Nordstrom to pay half rent for the rest of 2020
As retailers continue to struggle with the impact of the Covid-19 pandemic, department store operator Nordstrom has reportedly informed the landlords of both its full-price namesake locations and its off-price Nordstrom Rack stores that it will only pay half of its occupancy costs for the rest of the year.
Nordstrom has told its landlords that it will pay half rent for the rest of 2020 - AFP/Timothy A. Clary
The announcement came in a letter written by the retailer’s president of stores, Jamie Nordstrom, to involved property owners, which was obtained by Retail Dive. According to Retail Dive’s report, the letter also stipulated that Nordstrom will use store comps as the basis for any possible “true up rent payment, up to a full reconciliation should 2020 sales reach 90% of sales made in that location in 2019,” while also reassuring landlords that the company “will continue to maintain insurance coverage, pay utilities on which we are the account holder, and maintain your building(s) as required by the lease.”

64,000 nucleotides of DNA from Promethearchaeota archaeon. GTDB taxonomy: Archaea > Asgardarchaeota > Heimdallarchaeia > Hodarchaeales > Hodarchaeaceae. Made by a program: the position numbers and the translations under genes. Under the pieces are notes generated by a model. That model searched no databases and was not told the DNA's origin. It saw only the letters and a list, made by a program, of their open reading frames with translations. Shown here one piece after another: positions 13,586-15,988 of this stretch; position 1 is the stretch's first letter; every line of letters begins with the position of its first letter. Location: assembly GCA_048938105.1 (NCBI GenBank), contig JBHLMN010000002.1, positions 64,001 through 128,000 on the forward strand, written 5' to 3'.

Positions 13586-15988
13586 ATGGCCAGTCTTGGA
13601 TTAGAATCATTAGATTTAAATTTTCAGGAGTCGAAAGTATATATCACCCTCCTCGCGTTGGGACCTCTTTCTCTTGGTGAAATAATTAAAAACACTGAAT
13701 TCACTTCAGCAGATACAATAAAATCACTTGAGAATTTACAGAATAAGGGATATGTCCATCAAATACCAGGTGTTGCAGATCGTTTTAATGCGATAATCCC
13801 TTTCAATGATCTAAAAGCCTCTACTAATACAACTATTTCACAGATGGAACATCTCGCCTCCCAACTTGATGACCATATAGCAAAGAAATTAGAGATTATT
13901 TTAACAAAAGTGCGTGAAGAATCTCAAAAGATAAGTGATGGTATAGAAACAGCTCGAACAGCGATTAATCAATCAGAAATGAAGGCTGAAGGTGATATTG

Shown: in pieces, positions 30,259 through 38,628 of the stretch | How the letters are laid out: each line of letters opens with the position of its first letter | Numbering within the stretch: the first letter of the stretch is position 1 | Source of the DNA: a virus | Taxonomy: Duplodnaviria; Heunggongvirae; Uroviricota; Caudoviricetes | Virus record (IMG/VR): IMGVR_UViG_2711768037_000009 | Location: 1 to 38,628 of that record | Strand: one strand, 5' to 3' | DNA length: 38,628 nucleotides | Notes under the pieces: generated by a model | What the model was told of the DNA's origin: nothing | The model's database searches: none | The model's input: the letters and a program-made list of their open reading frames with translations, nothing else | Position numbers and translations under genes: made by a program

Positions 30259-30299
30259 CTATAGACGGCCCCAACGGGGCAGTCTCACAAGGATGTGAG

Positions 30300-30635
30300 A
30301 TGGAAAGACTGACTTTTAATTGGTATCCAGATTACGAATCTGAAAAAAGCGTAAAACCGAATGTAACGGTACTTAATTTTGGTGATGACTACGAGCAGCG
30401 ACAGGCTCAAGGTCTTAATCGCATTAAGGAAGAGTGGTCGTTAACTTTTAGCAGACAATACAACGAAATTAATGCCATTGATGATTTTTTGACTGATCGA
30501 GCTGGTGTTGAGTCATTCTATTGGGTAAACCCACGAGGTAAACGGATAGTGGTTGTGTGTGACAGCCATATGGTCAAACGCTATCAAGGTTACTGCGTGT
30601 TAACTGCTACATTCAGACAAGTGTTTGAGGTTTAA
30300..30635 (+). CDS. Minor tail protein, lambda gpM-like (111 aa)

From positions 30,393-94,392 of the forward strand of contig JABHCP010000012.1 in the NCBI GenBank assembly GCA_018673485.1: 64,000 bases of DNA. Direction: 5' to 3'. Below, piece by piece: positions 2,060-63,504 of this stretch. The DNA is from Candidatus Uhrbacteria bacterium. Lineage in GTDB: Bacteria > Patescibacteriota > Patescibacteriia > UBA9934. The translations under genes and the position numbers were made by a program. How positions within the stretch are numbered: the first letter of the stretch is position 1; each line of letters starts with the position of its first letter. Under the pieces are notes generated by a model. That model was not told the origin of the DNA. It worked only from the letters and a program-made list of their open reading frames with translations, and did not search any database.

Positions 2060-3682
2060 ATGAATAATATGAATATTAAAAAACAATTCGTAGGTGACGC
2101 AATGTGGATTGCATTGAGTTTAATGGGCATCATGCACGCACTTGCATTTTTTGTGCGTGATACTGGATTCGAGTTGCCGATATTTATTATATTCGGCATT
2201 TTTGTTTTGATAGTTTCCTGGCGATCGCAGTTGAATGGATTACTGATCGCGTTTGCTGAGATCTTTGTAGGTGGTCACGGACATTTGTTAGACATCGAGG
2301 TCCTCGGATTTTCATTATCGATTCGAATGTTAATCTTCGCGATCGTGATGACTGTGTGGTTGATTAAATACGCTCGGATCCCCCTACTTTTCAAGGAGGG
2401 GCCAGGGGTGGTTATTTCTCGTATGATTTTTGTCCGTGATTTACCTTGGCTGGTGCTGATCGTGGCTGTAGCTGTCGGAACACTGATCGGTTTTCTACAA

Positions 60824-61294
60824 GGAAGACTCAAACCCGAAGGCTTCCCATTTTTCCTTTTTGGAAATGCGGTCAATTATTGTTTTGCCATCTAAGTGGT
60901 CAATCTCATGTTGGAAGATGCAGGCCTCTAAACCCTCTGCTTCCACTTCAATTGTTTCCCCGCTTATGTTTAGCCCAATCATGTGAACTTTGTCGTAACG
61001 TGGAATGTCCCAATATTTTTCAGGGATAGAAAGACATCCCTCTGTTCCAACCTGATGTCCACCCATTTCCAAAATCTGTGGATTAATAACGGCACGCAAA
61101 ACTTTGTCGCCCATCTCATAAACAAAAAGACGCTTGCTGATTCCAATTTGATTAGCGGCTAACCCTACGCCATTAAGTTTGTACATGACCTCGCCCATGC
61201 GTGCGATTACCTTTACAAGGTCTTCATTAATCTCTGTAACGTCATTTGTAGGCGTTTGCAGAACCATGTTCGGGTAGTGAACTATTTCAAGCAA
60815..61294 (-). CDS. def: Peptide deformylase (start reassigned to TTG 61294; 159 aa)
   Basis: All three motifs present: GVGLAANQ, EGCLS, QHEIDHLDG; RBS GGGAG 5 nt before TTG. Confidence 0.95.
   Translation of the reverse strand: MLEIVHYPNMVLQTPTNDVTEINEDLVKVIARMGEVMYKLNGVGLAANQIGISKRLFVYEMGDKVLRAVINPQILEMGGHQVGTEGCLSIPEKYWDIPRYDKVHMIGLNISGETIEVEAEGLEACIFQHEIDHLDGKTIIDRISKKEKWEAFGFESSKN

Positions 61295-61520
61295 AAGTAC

The news follows Nordstrom’s confirmation of reports concerning a planned reduction in its workforce, a move which a spokesperson for the retailer said is part of a wider strategy to cut overheads by 20%, without specifying the number of employees who would be affected by the measures. A Sourcing Journal report published prior to Nordstrom’s confirmation of the strategy cited unnamed sources who stated that the job cuts could affect up to 25% of the retailer’s workforce, not counting associates who will be dismissed due to the planned permanent closure of 16 Nordstrom locations. In 2019, the department store chain’s workforce counted some 68,000 employees, including both full and part-time associates. In the first quarter ended May 2, 2020, Nordstrom’s net sales totaled $2.03 billion, down 40% from $3.35 billion in the prior-year period, while the retailer’s net loss came to $521 million, or $3.33 per diluted share, compared to net income of $37 million, or $0.23 per diluted share, in the first quarter ended May 4, 2019. The company attributed the declines to temporary store closures implemented in response to the coronavirus crisis, highlighting that it continued to see positive sales growth into February, before Covid-19 began its rapid spread in the U.S. Despite the disruption caused by the coronavirus, CEO Erik Nordstrom was still optimistic when the retailer announced its Q1 financial results at the end of May, affirming, “we’re entering the second quarter in a position of strength, adding to our confidence that we have sufficient liquidity to successfully execute our strategy in 2020 and over the longer term.” Nordstrom isn’t the only retailer holding out on rent payments in the wake of Covid-19, with both Gap and Ross having recently faced legal action due to their failures to fulfill their lease obligations.